On Thursday, President Trump announced that he was cancelling the upcoming summit with North Korean leader Kim Jong Un.
This withdrawal was a response to North Korean complaints and threats, which President Trump met with a strong and measured response, “You talk about your nuclear capabilities, but ours are so massive and powerful that I pray to God they will never have to be used.”
Global markets reacted swiftly to the news, largely reflecting increased uncertainty and greater concerns about the prospect of nuclear war. Stock markets sold off worldwide, with the Dow Jones dropping by over 300 points during the day Thursday.
Meanwhile, money rushed into the U.S. dollar, government bonds, and gold, all of which are seen as “safe haven” investments in times of trouble.
On Friday morning, North Korea signaled an ongoing willingness to meet, a sign that this situation will likely remain murky for the foreseeable future.
Wheat’s getting baked
Wheat spiked Thursday to the highest level seen in nearly a year as the drought centered in Oklahoma continued to worsen, while dry conditions in Canada, Russia, and Australia added to concerns about world supplies. Kansas and Oklahoma winter wheat crop condition ratings are among the worst in history.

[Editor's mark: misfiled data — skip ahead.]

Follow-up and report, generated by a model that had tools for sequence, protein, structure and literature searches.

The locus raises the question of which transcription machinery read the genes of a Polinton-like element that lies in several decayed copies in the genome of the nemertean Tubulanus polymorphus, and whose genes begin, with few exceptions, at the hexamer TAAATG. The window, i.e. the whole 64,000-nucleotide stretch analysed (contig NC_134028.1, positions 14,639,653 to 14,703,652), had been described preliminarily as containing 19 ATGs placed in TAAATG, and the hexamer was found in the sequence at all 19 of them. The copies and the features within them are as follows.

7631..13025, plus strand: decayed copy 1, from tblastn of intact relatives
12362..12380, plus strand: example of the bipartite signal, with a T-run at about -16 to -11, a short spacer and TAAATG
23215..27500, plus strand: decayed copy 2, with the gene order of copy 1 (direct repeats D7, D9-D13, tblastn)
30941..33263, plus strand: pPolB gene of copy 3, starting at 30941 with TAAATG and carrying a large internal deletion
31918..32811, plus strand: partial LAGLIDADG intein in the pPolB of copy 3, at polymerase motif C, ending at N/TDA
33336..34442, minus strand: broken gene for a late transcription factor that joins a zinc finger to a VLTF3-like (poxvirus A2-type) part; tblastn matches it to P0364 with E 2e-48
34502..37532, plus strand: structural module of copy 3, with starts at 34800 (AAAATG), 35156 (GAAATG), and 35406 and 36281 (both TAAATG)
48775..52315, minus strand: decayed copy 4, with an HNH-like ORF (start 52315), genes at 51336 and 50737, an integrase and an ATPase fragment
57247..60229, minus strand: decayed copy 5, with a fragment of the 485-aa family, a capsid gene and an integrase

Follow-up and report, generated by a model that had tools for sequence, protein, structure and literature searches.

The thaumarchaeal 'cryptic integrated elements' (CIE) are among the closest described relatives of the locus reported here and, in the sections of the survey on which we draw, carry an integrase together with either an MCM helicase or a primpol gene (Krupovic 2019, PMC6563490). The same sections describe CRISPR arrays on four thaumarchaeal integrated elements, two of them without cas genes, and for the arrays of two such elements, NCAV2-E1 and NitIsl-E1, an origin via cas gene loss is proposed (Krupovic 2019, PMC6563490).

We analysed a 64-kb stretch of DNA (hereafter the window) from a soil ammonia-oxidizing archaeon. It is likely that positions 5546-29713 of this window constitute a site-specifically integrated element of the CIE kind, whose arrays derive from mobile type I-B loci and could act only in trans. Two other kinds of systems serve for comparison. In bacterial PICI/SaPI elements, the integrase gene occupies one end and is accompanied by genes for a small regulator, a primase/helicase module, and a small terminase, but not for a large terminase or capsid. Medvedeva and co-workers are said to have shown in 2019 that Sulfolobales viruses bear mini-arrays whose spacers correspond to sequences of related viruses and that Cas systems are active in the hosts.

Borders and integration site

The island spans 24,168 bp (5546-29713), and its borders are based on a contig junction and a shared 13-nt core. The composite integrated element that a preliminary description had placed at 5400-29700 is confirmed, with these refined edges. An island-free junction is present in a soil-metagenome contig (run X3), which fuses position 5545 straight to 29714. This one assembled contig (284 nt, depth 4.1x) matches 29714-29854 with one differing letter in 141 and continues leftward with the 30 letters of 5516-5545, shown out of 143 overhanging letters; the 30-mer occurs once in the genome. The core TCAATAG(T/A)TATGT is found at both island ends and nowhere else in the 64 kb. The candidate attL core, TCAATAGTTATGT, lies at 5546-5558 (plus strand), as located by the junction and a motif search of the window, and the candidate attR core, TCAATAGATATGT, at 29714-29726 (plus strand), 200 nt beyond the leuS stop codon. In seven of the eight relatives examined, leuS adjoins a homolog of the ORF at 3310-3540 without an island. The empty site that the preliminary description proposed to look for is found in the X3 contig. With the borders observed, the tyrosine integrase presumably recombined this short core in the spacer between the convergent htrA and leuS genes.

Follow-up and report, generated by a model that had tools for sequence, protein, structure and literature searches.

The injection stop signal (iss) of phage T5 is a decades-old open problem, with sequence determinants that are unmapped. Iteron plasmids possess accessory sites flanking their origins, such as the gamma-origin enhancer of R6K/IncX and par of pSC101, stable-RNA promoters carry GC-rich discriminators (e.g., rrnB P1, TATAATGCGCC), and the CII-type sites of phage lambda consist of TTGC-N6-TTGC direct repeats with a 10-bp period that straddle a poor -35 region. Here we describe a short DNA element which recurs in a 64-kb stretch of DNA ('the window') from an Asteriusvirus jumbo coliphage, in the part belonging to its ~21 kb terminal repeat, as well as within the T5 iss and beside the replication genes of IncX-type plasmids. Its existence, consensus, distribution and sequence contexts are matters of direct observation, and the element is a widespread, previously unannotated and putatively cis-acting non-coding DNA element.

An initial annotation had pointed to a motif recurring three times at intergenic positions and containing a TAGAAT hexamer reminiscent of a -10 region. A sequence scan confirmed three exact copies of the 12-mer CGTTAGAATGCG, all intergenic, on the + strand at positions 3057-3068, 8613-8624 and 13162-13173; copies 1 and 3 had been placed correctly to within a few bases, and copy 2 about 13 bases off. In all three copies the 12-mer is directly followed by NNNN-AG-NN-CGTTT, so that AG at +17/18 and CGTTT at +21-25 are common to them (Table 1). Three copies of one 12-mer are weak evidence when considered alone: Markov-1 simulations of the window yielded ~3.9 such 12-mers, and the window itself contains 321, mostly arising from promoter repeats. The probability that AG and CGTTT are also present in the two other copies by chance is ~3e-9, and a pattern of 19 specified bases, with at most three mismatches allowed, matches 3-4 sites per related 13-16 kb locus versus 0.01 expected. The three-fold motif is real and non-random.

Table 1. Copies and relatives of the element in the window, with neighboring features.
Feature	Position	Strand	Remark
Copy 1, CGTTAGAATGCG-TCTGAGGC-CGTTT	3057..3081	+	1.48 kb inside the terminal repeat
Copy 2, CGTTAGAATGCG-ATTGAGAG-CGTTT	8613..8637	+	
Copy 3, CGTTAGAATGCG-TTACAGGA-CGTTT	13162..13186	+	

On the demand side of the equation, exports remained strong this week with Algeria and Japan buying U.S. wheat while Agriculture Secretary Sonny Perdue announced that a U.S delegation will head to China next week.
The Chinese trip is raising optimism for the potential of increased agricultural exports to that country, which has been a massive buyer of our crops. China purchased nearly $14 billion of U.S. soybeans last year (over one third of U.S production) and continues to be a main importer of hogs and cotton.
Though wheat is not a major export to China, the rising tide of corn and bean prices tends to pull wheat upward as well.
As of Friday morning, July Chicago wheat, used in desserts and crackers, was trading at $5.36 per bushel while Kansas City wheat, used in breads and rolls, brought $5.56 per bushel.